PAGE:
Here’s What Students Need to Know About the SAT Essay Section
By Peter, IvyWise Master Tutor
Understanding test content, formatting, and changes are important when preparing for the SAT – especially the essay portion. There have been a number of changes to the SAT since the launch of the new exam in 2016, and our guide to the SAT Essay will help students better understand how to master this section should they choose to take it.
SAT Essay Structure and Content
The SAT Essay went through a total transformation in the most recent redesign of the SAT. The new SAT Essay is a lengthy and uniquely challenging section, and it addresses many of the problems that were evident in the prior version of the SAT Essay section.
The new SAT Essay section presents an extended piece of nonfiction prose, often times an article excerpted from the likes of Time Magazine, Condé Nast, or the Los Angeles Times ranging between 650-800 words then asks the student to write a five-paragraph essay that identifies, explains, and evaluates the stylistic, rhetorical, and logical elements of the text that contribute to its meaning.
All the prompts stick to the following template: “Write an essay in which you explain how [the author’s name] builds an argument to persuade his/her audience…your essay should not explain whether or not you agree with [the author’s] claims, but rather explain how [the author] builds an argument to persuade his/her audience.
Now, this is a tough essay assignment under any circumstances, much less one that the student must complete in 50 minutes as the last section of the SAT. But the need for the new SAT Essay is evident once you look at old essay prompts pre-SAT redesign. The following one is from 2015:
Think carefully about the issue presented in the following excerpt and the assignment below.
“Is it necessary for people to combine their efforts with those of others in order to be most effective? Plan and write an essay in which you develop your point of view on this issue. Support your position with reasoning and examples taken from your reading, studies, experience, or observations.” -Stephen R. Covey, The Seven Habits of Highly Effective People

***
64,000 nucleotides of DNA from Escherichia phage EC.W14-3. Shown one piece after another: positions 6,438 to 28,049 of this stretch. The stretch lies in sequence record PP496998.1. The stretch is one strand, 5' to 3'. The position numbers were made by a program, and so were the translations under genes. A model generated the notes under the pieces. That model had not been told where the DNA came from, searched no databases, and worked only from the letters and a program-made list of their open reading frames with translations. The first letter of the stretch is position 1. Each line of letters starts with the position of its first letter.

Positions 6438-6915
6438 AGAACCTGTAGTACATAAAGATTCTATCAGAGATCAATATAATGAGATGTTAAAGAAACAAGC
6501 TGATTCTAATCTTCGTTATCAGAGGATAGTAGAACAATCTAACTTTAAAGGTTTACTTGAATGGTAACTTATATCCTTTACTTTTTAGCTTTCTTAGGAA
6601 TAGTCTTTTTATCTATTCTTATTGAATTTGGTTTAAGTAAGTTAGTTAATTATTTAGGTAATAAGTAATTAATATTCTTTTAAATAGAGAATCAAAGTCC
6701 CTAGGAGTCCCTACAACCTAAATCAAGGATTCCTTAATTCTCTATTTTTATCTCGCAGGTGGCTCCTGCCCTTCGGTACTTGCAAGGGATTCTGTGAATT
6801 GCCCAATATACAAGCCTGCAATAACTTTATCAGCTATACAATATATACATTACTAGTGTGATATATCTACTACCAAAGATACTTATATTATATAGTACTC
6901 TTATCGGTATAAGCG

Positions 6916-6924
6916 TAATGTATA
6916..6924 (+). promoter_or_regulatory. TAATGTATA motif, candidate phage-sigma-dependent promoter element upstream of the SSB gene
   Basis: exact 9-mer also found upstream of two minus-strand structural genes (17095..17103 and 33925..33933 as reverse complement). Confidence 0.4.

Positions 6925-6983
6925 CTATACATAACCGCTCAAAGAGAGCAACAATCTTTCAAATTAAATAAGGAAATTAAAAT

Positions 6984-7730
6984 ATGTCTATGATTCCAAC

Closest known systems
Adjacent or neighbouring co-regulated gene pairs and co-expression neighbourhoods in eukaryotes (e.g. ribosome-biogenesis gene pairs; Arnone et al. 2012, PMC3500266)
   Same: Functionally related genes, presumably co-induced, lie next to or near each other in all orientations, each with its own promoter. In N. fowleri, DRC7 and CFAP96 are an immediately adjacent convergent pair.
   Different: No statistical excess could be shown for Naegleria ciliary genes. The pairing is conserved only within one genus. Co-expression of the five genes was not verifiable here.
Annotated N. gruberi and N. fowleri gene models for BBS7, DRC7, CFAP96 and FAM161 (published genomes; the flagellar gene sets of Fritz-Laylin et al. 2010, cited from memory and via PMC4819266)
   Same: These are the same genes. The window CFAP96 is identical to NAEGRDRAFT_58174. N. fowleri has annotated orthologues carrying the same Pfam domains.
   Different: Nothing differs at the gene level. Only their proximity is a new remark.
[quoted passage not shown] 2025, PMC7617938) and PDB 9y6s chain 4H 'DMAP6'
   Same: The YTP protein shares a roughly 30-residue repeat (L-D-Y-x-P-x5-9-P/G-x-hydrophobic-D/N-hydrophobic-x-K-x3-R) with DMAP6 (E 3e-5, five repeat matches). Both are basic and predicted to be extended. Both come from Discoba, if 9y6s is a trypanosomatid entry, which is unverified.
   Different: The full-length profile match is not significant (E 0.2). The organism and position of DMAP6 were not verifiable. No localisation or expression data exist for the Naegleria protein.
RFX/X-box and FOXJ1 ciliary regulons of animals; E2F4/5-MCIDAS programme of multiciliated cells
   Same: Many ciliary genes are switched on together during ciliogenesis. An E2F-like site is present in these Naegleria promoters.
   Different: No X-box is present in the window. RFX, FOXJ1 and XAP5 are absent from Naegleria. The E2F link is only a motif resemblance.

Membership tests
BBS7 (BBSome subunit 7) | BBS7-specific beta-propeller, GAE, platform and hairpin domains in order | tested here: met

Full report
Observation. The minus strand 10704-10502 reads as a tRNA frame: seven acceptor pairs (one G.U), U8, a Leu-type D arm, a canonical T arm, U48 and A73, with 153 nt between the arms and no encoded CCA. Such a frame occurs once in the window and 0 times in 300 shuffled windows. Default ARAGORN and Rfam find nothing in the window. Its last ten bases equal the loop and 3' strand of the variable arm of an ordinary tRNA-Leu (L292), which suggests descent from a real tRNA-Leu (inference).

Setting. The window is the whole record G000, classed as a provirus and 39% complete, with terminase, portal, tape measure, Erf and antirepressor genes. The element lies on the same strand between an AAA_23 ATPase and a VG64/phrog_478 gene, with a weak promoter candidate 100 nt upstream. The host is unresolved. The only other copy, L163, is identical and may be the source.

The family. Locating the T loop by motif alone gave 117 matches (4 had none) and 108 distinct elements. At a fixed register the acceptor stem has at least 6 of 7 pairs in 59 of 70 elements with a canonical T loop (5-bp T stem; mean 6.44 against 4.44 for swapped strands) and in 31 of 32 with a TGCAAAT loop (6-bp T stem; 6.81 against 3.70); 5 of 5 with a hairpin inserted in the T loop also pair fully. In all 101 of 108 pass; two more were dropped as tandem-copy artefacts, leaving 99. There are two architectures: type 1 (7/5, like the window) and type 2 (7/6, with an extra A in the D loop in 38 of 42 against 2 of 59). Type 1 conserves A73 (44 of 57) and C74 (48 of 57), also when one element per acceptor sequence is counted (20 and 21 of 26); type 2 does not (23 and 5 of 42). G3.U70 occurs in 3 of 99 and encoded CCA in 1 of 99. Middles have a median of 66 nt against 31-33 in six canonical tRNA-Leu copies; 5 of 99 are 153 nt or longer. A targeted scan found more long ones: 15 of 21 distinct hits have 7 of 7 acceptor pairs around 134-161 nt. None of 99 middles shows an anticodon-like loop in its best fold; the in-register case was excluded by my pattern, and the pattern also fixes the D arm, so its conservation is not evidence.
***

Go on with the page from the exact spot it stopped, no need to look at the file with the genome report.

Assignment: Can people have too much enthusiasm? Plan and write an essay in which you develop your point of view on this issue. Support your position with reasoning and examples taken from your reading, studies, experience, or observations.
The old essay prompts somehow seem both too specific and too general; the main question is too specific to understand—Can people have too much enthusiasm?—and the content the essay is supposed to cover is too broad—“reading, studies, experience, or observations.” Not only were students not required to read the quote given as part of the prompt, in this case an excerpt from Covey’s Seven Habits, it also didn’t represent the sort of reading students do in school.
College Board fixes these problems by looking in-house at the AP Language and Composition curriculum they already have, and adapting one essay assignment from that test to fit the SAT Essay. The ‘rhetorical analysis’ essay assignment from the AP Language and Composition test reads: “Students read a non-fiction text and analyze how the writer’s language choices contribute to his or her purpose and intended meaning for the text.” This could easily be lifted and used as the prompt for the SAT essay.
SAT Essay vs. ACT Essay
The new SAT Essay makes the case that its essay assignment is not only more representative of the reading and writing skills that students learn in school, but also more predictive of the sort of reading, analysis, and writing work that students will go on to do at the college level. Consider the following main differences between the ACT Essay and SAT Essay:
Nature of prompt
Develop a unique point of view on a topic while incorporating three different, brief viewpoints on the topic given as part of the prompt.
Evaluate a long passage by a published author, identify the author’s argument, and show how the author makes his or her argument.
Support that is used
Reasoning and examples taken from students’ personal experience in and outside of school
Rhetorical, stylistic, and logical reasoning from the passage itself
Average number of words in prompt
One holistic essay score between 2-12 points
Three separate scores, each between 2-8 points, for Reading, Analysis, and Writing.
The SAT prompt does not ask for the student’s opinion on the passage, it tests for how well the student understands the passage’s argument and how the author makes the argument. For this reason, the student will receive three separate scores for the SAT Essay: a reading, analysis, and writing score.
The ACT Essay prompt is more compact than that of the SAT Essay; however, the SAT Essay is more closely geared to the sort of writing and reading work that students complete in school. The SAT Essay is also unique in that it tests for whether a student understands how an argument works, rather than asking the student to make an argument.
The new SAT Essay is not necessarily ‘harder’ than the old essay section, but it is designed to give universities a clearer picture of a student’s reading and writing abilities, which can be a really positive thing. For this reason, it is important for prospective SAT test takers to be aware of these changes, and familiarize themselves with the new look of the SAT essay!
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Also, be sure to read Peter's other section breakdowns, including his guide to the SAT Reading, Writing, and Math sections.